What will Alaska look like in 10,000 years? Who will be here? What will they do? And, most important, what will preserved from the past kilennium? These are not easy questions. Even thinking about the next decade, let alone thousands of years, gets interrupted by every crisis that requires our attention. There is business to transact. Cell phones buzz. Unanswered emails compound. And, so, we think about the now, not the next.
January 27, 2015
This is the Climate Moment. A possible turning point.
Consider the massive storm that resulted in a state of emergency throughout much of New England with temperatures in the teens, gusty winds, and snow measured by the foot not the inch. We know from the science that climate change will make storms more severe and more common.
It’s also the moment when the Obama administration stepped up to preserve the environment — as well as protect Alaska Native communities — by limiting future oil and gas development in Alaska’s Arctic National Wildlife Refuge and along the Coastal Plain.
A White House blog put it this way: “This far northern region is known as “The Sacred Place Where Life Begins” to Alaska Native communities. The Refuge sustains the most diverse array of wildlife in the entire Arctic — home not only to the Porcupine caribou, but to polar bears, gray wolves, and muskoxen. Bird species from the Coastal Plain migrate to all 50 states of the country — meaning that no matter where you live, the Arctic National Wildlife Refuge is part of your landscape.”
But pretty much all of official Alaska saw this issue differently. On Capitol Hill, Alaska Republican Senator Lisa Murkowski said the administration has “effectively declared war on Alaska. That’s my view of it.”
“It’s a one-two-three kick to the gut of Alaska’s economy,” she said, adding that the governor told the Secretary of Interior that Alaska has a budget hole of about $3.5 billion — a problem that will be made worse without more oil production.
And this is an odd time for Alaska. The state budgeted for oil to be selling at more than a hundred dollars a barrel — and now the price is less than half that. This is a state that an oil and gas trade group brags that 92 percent of the state’s revenues come from that single industry.
So Alaska has had a grand old time with its oil money. Instead of a personal income tax, Alaskans receive their version of a tribal per capita every year. In fact Alaska ranks second lowest in the country in overall taxes (Wyoming is first) but that figure is skewed because nearly all of the money comes from corporate taxes. There is no income tax or sales tax.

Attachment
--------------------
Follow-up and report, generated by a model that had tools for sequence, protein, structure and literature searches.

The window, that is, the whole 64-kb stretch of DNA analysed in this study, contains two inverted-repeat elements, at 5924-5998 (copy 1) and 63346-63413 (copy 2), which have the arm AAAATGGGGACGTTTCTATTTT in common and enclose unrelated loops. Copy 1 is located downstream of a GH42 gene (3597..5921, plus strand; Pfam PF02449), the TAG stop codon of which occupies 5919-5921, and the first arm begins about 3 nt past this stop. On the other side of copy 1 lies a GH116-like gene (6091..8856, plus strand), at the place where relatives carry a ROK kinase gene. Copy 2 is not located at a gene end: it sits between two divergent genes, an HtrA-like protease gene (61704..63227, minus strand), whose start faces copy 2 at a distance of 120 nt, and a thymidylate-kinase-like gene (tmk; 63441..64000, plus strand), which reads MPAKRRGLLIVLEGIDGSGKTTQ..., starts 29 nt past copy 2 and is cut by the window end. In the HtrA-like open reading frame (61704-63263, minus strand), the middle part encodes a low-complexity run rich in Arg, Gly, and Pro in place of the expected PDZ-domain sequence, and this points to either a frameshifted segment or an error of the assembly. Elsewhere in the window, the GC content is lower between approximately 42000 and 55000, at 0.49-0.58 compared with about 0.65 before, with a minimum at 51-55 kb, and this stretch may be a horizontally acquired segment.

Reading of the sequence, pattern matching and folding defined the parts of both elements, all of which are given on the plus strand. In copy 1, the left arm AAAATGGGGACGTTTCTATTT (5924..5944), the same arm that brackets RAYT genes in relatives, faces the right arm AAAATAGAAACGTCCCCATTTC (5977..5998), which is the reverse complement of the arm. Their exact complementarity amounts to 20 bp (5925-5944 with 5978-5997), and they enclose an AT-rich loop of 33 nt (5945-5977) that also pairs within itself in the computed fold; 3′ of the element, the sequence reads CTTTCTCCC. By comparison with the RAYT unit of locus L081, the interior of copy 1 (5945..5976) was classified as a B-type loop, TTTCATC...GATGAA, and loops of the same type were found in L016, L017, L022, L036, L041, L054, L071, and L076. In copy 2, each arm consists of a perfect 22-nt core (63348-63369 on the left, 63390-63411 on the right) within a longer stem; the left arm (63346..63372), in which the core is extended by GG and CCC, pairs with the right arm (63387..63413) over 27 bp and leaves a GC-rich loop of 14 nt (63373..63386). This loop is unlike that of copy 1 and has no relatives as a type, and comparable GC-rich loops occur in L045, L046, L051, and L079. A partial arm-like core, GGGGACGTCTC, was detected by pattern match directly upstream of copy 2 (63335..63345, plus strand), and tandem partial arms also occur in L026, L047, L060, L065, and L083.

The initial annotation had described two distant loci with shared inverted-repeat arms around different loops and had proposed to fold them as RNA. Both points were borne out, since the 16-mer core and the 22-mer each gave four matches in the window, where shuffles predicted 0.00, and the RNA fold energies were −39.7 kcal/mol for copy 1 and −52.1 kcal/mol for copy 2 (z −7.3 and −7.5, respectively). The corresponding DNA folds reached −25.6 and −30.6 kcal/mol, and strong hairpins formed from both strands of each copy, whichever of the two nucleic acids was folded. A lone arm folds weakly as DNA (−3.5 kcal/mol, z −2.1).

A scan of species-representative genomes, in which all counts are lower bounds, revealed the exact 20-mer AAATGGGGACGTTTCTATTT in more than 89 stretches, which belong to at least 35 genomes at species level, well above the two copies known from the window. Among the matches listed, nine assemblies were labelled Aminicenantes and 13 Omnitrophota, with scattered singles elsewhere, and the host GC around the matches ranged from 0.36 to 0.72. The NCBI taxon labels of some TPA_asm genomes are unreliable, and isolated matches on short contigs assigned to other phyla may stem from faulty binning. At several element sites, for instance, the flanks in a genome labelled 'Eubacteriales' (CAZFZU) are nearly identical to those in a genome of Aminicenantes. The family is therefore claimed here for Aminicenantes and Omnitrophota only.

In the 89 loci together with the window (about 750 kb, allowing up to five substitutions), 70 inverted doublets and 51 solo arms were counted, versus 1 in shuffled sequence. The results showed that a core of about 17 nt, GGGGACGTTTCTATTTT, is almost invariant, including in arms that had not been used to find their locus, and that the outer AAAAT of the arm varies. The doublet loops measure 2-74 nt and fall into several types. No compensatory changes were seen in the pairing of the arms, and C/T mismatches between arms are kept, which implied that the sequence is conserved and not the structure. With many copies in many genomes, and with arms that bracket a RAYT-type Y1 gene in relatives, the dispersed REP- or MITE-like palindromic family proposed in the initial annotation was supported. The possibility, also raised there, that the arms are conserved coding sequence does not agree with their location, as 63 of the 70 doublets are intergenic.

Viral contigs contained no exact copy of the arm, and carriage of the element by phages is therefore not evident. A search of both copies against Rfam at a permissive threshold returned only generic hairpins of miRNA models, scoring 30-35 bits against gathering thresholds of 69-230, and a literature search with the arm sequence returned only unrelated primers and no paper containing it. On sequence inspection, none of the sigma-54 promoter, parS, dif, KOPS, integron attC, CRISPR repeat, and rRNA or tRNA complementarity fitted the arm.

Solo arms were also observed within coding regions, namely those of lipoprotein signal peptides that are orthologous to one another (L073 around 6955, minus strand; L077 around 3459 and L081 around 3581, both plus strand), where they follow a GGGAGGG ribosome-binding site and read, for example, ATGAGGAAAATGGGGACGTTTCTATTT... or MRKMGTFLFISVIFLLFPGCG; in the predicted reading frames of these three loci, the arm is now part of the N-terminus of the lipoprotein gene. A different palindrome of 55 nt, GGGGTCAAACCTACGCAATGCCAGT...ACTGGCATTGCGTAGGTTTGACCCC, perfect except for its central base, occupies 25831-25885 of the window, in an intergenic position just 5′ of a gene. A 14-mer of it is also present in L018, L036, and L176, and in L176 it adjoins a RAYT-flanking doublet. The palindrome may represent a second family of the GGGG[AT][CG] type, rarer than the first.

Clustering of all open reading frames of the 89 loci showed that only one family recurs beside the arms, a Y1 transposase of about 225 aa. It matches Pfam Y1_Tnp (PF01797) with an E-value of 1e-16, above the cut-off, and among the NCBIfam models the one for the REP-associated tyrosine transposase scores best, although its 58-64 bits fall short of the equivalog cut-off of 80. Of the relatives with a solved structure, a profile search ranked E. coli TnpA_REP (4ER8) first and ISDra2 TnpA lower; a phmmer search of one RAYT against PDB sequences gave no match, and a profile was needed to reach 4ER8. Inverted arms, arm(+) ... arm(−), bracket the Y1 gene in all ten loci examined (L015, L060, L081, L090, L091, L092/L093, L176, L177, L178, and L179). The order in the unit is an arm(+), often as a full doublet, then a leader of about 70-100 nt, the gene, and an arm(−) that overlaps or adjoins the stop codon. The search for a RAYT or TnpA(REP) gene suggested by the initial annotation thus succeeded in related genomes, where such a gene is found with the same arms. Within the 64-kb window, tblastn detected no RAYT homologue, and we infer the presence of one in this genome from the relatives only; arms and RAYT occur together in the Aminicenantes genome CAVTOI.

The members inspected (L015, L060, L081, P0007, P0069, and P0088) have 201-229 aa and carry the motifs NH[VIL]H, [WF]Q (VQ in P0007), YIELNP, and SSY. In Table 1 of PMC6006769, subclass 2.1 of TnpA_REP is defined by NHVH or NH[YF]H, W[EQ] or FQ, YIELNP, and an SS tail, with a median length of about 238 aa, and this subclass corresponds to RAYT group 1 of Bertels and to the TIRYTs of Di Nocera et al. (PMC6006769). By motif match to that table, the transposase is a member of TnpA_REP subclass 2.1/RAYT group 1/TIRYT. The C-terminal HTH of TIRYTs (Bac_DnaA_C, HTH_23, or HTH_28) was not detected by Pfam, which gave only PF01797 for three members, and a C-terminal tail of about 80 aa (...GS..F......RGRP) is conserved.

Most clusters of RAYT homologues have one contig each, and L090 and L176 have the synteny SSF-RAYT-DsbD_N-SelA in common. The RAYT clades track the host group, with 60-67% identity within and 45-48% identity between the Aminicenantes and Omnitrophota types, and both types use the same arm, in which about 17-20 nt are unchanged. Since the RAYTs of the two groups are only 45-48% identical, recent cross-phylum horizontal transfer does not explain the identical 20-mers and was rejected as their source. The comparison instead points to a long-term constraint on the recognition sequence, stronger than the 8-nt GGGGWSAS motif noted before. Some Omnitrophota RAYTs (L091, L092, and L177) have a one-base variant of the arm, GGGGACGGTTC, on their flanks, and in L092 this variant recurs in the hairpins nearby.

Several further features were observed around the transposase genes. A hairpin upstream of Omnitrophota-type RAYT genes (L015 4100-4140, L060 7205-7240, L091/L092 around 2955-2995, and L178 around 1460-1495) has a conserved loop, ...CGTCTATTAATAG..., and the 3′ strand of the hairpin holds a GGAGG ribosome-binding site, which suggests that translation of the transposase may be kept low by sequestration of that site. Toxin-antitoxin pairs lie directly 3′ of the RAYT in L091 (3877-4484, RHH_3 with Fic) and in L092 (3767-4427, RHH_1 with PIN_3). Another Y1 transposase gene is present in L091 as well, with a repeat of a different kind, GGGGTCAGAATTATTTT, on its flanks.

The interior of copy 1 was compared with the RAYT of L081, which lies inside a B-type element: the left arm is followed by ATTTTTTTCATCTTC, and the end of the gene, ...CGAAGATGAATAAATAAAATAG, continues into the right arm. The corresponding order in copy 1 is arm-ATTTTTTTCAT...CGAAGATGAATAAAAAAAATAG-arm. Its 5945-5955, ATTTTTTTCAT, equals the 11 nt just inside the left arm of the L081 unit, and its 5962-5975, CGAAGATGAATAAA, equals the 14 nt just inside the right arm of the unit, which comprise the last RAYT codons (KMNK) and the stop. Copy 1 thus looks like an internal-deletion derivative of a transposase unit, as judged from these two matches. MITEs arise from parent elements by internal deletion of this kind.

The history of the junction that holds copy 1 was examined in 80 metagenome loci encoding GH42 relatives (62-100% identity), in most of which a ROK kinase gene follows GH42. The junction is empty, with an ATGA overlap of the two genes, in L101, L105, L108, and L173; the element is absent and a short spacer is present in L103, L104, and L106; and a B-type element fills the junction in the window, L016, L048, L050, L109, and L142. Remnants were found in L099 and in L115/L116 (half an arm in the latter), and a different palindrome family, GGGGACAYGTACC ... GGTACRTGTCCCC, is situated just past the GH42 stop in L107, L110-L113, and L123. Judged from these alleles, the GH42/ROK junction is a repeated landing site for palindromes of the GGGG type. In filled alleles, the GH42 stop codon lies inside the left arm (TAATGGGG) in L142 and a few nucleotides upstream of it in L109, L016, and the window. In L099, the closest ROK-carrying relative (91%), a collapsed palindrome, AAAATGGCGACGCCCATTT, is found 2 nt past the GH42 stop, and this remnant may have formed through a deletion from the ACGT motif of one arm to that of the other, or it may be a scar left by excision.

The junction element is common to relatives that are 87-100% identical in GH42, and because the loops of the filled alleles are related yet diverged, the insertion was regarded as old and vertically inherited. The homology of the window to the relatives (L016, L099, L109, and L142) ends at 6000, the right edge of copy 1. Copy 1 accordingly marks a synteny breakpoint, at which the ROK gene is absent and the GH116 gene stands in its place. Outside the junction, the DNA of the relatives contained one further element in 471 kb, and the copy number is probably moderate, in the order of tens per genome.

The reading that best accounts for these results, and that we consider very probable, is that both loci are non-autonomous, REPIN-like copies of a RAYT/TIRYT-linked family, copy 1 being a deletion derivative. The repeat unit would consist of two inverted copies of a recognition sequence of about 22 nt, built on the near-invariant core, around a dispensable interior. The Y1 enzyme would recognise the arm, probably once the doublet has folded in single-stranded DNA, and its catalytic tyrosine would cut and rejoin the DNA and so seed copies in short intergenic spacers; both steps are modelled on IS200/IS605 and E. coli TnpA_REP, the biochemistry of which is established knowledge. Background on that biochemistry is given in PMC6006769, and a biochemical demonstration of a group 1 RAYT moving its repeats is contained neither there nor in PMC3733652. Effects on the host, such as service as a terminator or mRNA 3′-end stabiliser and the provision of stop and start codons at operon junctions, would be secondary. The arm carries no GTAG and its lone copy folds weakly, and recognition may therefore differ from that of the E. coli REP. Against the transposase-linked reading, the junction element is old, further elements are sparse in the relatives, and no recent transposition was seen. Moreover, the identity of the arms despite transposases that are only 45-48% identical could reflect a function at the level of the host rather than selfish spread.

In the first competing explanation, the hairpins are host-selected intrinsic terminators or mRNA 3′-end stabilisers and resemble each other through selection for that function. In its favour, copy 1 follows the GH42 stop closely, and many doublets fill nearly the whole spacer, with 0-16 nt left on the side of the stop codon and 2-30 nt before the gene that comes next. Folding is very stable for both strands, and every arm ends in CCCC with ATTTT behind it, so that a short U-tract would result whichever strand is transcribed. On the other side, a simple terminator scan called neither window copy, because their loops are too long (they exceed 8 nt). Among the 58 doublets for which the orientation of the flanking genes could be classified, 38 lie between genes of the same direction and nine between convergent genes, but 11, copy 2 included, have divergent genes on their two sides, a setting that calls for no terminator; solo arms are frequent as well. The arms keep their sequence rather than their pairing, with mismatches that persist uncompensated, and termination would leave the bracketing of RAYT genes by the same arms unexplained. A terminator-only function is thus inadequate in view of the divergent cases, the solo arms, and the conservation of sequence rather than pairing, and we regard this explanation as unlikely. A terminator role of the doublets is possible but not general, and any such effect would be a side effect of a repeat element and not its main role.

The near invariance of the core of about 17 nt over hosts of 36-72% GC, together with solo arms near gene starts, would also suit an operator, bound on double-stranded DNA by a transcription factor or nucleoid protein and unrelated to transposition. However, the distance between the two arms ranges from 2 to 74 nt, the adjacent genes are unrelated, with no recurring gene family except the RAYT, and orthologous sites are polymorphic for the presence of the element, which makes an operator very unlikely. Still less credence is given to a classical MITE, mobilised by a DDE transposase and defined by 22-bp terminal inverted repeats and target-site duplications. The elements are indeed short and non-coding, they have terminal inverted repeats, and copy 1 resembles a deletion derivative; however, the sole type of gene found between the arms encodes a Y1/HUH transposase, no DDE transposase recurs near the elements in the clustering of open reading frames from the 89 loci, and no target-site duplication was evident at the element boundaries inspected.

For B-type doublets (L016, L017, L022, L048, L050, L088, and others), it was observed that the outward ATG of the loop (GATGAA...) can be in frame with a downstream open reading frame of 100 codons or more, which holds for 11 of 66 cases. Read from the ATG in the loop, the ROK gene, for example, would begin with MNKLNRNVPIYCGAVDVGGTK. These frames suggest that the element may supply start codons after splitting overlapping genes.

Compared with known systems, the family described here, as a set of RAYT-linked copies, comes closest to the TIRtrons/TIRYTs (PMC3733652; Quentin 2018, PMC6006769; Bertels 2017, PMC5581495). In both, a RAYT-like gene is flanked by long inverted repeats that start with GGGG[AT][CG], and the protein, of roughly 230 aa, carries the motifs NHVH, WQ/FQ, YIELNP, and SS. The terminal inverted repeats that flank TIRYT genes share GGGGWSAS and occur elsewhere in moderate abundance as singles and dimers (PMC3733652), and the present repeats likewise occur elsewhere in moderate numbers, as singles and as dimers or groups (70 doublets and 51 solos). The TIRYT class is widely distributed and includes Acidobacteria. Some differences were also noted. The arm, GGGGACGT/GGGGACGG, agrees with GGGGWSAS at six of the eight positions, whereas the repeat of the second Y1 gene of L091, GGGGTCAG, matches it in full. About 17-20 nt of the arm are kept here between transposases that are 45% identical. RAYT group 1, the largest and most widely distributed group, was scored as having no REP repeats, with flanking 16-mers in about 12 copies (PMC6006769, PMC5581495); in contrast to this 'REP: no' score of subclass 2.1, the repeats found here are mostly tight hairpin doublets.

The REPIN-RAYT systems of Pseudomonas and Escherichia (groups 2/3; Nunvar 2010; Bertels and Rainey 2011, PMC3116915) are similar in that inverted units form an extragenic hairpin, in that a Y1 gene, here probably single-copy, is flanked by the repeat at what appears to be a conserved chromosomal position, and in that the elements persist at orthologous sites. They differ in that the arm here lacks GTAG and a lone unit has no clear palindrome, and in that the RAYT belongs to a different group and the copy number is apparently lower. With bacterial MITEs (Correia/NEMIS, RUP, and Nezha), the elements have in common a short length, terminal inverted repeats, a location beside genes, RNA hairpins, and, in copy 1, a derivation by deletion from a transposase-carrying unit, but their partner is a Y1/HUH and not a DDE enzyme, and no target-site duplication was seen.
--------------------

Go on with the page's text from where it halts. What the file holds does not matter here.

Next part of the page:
Perhaps this serious budget shortage might actually force Alaska citizens to contribute to their state and pay taxes the way, oh, 49 other states and the District of Columbia do.
But let’s talk climate. Neither the White House nor the Interior Department cited climate change as their reason for limiting development in Alaska.
Then again, a new analysis published in Nature in January said that more fossil fuels will have to be left in the ground in order to prevent further damage from climate change. The piece said that known reserves of coal, oil and gas, including the Canadian tar sands, all Arctic oil and gas, cannot be developed and still keep temperatures under current limits. The authors wrote: “Our results suggest that, globally, a third of oil reserves,half of gas reserves and over 80 per cent of current coal reserves should remain unused from 2010 to 2050 in order to meet the target.”
That means no new Arctic oil and gas developments. No more tar sands. And, by extension, no Keystone XL pipeline.
What’s interesting about the research is how specific it is about developing Arctic resources.
The authors, Christophe McGlade and Paul Ekins from University College in London, estimate “100 billion barrels of oil (including natural gas liquids) and 5 trillion cubic meters of gas in fields within the Arctic Circle that are not being produced as of 2010.”
That production alone could tip the globe and warm more than is considered safe. “The results indicate to us that all Arctic resources should be classified as unburnable. To conclude, these results demonstrate that a stark transformation in our understanding of fossil fuel availability is necessary. Although there have previously been fears over the scarcity of fossil fuels in a climate-constrained world this is no longer a relevant concern: large portions of the reserve base and an even greater proportion of the resource base should not be produced if the temperature rise is to remain below 2 degrees” above pre-industrial levels.
The president’s action is not final. Congress would have to do that. But this action means the Interior Department can manage the lands as if Congress had acted. (Congress could reverse Interior, but remember in the Senate that means finding 60 votes. That’s not likely to happen.)
Is this the Climate Moment? The turning point? There is a lot of work ahead, but the Obama administration is acting as if the answers are a “yes.”
Mark Trahant holds the Atwood Chair at the University of Alaska Anchorage. He is an independent journalist and a member of The Shoshone-Bannock Tribes. For up-to-the-minute posts, download the free Trahant Reports app for your smart phone or tablet.